- “If I can name the reasons for my fear and anger, can I then identify a thoughtful, measured solution that accords with the political views of a candidate running for office?”
2. Vote your values, but don’t demand that others share them, or that our nation embrace them.
Life in community always requires compromise.
That’s a numerical inevitability. It’s a function of life in a democratic society. More deeply, that freedom reflects the freedom God gives each of us.
Preparing to vote requires that each of us own our views and craft them with care. It also means that those who disagree with us have the same right and responsibility.
The hardest part of the democratic process is living with people who disagree with us. It is also the place where democracy is most in evidence. Being able to say, “We’ve had our conversation and we’ve made a decision by which we are all required to abide” is the difficult and necessary corollary of a commitment to freedom.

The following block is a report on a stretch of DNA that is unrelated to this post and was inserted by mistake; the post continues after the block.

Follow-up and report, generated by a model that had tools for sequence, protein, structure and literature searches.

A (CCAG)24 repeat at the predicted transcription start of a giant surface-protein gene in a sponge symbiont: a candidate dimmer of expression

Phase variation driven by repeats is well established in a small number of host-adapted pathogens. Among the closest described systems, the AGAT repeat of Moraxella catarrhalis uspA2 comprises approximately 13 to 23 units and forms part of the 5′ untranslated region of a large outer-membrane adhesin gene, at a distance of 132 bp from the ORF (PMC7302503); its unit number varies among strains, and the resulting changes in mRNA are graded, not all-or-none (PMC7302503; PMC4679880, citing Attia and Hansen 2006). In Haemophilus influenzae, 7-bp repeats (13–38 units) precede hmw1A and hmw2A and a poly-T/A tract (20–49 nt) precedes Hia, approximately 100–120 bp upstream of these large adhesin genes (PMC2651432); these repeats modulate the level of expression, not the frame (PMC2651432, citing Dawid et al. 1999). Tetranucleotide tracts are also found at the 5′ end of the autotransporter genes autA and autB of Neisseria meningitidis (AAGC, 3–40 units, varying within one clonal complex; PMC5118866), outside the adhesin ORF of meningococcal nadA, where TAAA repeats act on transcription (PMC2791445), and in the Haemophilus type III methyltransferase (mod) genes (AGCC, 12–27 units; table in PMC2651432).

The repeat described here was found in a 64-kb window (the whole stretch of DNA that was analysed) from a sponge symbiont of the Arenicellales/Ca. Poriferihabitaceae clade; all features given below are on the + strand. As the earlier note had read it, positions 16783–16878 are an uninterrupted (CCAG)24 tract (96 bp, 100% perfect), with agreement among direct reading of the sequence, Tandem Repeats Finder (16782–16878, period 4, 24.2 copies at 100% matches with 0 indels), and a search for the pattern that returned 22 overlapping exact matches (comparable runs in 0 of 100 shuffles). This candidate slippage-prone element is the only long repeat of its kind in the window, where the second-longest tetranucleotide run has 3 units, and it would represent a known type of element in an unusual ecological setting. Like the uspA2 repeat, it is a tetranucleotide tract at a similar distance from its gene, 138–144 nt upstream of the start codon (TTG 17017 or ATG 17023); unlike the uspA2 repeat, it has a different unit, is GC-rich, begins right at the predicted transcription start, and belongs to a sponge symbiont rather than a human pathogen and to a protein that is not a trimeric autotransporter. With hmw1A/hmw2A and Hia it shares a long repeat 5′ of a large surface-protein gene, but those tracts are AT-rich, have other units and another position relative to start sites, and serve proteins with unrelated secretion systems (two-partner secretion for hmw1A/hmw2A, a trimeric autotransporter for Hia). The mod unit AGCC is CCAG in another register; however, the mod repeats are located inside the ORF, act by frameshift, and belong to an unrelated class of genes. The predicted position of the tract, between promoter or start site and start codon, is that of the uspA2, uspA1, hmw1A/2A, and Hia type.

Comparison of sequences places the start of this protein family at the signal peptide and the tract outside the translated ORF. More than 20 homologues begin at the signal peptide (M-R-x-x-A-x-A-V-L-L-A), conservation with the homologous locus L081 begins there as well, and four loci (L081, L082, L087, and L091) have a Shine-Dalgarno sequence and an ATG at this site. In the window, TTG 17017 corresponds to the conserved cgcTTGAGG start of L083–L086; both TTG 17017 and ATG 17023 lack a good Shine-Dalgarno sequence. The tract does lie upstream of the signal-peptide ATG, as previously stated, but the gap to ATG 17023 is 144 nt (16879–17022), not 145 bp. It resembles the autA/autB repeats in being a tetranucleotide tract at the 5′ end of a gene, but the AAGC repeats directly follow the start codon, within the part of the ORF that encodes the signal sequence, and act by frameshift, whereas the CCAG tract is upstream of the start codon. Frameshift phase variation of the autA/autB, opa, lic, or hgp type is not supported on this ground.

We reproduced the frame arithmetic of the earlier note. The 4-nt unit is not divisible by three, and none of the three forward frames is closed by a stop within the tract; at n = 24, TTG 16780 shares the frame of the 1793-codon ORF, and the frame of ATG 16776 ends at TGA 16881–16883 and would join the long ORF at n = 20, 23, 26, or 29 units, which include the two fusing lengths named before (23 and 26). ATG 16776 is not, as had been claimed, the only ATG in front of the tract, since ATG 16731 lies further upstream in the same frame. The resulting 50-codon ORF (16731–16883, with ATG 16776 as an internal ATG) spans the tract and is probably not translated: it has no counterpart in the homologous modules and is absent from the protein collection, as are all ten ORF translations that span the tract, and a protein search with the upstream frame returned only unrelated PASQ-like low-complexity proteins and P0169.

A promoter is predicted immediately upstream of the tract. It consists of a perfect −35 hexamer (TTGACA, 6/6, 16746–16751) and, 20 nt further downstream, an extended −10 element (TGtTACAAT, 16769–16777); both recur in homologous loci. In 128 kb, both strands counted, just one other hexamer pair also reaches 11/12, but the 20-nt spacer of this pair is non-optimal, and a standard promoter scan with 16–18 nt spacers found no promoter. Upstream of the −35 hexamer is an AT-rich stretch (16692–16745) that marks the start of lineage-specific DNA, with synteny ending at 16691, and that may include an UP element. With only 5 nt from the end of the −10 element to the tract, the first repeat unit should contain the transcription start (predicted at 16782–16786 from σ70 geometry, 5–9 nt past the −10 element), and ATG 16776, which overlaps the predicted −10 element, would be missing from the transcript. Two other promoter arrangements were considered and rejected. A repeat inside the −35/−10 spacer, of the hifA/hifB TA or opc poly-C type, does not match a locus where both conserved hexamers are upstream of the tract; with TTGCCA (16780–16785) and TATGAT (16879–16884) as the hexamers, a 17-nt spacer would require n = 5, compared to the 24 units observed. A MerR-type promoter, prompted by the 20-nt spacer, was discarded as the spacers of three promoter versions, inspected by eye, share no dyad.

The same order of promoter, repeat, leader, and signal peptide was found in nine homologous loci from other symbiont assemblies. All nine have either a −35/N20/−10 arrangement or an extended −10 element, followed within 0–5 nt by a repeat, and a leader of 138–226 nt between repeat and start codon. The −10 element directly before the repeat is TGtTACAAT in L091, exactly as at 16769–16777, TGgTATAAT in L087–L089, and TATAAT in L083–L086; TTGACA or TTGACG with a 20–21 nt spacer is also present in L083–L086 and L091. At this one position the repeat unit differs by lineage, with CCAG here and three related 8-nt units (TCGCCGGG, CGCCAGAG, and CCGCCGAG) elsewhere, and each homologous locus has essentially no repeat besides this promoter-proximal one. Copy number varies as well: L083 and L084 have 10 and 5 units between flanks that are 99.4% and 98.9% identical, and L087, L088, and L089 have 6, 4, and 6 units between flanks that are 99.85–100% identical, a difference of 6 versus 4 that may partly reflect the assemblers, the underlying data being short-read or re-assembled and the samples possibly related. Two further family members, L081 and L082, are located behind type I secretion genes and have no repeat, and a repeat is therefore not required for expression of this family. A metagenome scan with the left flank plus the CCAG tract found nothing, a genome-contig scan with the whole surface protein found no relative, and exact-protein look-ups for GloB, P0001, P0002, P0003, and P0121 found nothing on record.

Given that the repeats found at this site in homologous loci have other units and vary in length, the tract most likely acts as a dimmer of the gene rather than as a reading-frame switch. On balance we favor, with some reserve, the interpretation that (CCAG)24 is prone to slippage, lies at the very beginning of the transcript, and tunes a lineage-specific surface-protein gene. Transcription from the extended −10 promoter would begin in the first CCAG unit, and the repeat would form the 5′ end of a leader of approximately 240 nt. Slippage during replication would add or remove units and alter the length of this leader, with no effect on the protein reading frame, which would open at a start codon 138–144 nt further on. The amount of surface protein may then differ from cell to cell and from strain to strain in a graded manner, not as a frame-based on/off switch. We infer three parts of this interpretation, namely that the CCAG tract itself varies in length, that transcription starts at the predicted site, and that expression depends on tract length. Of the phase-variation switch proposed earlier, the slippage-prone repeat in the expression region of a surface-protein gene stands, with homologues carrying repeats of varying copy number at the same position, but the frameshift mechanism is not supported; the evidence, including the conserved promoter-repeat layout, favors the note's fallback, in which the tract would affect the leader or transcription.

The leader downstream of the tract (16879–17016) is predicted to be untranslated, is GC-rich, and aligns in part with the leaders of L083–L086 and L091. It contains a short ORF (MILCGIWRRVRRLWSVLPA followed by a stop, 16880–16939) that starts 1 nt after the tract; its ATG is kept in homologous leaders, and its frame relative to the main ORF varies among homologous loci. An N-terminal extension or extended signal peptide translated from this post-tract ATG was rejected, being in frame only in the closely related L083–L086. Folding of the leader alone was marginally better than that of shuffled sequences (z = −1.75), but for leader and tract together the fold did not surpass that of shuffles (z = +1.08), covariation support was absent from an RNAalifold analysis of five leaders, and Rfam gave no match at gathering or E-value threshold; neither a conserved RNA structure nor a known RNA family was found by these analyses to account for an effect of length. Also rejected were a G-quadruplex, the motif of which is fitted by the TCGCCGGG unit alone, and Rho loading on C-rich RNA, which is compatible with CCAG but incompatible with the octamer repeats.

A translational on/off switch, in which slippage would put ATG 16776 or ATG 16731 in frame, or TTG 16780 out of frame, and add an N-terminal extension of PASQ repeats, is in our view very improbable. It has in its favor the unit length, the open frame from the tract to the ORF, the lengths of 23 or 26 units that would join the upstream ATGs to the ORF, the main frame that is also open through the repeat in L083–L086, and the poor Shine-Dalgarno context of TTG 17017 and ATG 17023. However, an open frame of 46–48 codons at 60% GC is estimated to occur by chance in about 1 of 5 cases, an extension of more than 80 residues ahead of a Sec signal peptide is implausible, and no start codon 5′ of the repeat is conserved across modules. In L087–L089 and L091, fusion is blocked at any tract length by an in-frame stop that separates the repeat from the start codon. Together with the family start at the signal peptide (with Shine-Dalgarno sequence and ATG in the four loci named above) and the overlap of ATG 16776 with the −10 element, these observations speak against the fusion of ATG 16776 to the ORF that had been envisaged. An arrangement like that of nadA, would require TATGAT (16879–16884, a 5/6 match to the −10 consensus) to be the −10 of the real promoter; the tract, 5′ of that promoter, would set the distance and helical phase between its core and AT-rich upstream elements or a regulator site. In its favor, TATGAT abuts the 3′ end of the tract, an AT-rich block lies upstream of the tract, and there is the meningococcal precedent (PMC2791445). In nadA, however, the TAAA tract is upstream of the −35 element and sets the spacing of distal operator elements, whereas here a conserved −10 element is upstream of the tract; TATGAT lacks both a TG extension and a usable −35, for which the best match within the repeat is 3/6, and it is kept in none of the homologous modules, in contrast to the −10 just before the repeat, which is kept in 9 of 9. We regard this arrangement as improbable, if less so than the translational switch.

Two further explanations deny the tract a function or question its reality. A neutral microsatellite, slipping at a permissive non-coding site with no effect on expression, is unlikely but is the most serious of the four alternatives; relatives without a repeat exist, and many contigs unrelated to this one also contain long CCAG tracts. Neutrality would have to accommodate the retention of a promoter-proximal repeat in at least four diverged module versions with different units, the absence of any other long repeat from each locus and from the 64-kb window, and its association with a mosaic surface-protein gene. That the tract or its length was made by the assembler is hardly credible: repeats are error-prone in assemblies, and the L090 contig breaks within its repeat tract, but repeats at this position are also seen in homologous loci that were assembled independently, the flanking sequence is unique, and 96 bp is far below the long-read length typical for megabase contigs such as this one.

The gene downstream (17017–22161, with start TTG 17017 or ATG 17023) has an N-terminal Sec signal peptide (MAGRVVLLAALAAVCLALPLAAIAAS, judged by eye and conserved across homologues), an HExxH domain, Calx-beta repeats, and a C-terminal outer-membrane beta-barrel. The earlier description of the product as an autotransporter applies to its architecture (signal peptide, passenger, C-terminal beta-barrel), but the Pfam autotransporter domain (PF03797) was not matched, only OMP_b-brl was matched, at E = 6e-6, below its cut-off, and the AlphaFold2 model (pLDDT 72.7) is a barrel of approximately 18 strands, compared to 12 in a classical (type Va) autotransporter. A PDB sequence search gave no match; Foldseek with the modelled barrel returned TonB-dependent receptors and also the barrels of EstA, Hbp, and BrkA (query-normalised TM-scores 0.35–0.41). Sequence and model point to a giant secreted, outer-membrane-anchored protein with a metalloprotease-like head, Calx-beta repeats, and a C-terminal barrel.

3. Distinguish between character assessment and character assassination.
One of the most divisive and destructive dynamics in American politics is the character assassination that has become the standard fair of political advertising.
Virtue is an inescapable component of leadership and it ought to be a part of the political calculus. Candidates who lie, cheat, and adjust their views only to garner votes are neither reliable, nor competent to lead.